Read the original article by Emilee Larkin at courthousenews.com here.
The Third Circuit ruled Monday that a county-run stadium in Pennsylvania can restrict anti-circus protests to specific areas but cannot stop animal rights activists from using profanity and megaphones.
The activist group Last Chance for Animals brought the underlying lawsuit against the Luzerne County Convention Center Authority, claiming their rights were violated by not being able to hand out leaflets to arena attendees while they were nearly 15 feet away from the arena entrance.
A federal judge ruled in favor of the protesters in 2016, granting an injunction for them to hand out leaflets freely just in time for the Ringling Bros. and Barnum & Bailey Circus to be held at the arena in Wilkes-Barre.
However, the Philadelphia-based federal appeals court reversed that order, finding the barricading constitutional.
“We conclude that the arena’s policy sequestering protesters to designated areas satisfies the reasonableness test for speech restrictions in nonpublic forums,” U.S. Circuit Judge Anthony Scirica wrote in a 28-page opinion.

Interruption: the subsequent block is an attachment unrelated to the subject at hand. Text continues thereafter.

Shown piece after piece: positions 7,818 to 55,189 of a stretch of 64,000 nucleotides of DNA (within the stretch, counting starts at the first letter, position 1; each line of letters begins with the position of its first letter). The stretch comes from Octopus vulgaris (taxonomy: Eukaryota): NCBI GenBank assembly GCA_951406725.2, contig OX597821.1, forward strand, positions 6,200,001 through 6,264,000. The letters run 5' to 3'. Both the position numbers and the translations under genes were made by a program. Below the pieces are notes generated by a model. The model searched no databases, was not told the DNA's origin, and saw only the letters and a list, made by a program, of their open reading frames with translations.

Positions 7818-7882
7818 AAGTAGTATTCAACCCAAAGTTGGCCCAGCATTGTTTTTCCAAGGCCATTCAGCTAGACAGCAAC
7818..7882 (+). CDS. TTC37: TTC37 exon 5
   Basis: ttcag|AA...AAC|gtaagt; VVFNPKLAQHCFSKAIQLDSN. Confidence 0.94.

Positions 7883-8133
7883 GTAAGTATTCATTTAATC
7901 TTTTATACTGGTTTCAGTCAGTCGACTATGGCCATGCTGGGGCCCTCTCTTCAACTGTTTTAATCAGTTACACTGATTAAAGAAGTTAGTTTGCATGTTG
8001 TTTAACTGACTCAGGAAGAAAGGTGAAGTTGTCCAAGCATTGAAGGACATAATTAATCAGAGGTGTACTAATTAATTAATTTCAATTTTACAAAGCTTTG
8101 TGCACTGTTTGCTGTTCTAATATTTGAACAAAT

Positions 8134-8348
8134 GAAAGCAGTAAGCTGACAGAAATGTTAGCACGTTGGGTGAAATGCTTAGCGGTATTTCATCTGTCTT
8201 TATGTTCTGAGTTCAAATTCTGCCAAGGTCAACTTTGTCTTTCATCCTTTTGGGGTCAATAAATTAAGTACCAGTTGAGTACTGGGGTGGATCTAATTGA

Writing for a unanimous three-judge panel, Scirica noted that the sequestering is needed for the “intended purpose” of the arena’s concourse, which is a nonpublic forum.
“As the concourse’s function is to facilitate movement of pedestrians into and out of the arena, we cannot find unreasonable a policy sensibly designed to minimize interference with that flow,” the judge said.
While the Third Circuit approved the ban on protests near arena gates, it upheld a federal judge’s ruling that banning profanity and the use of voice amplifiers is unconstitutional.
Alexander Bilus of Saul Ewing Arnstein and Lehr, an attorney for the activists, was pleased with the court’s decision that the ban on profanity and voice amplifiers was unreasonable, but he expressed disappointment in the finding that confinement of protesters is constitutional.
“The designated protest areas prevent protesters from distributing leaflets, and leafleting is a key expressive activity protected by the First Amendment,” Bilus said in an email.
The Luzerne County Convention Center Authority is represented by Thomas Campenni, an attorney with the firm Rossen Jenkins and Greenwald. He did not immediately respond Monday to email seeking comment.
Scirica was joined on the panel by U.S. Circuit Judges Joseph Greenaway, Jr. and Thomas Ambro.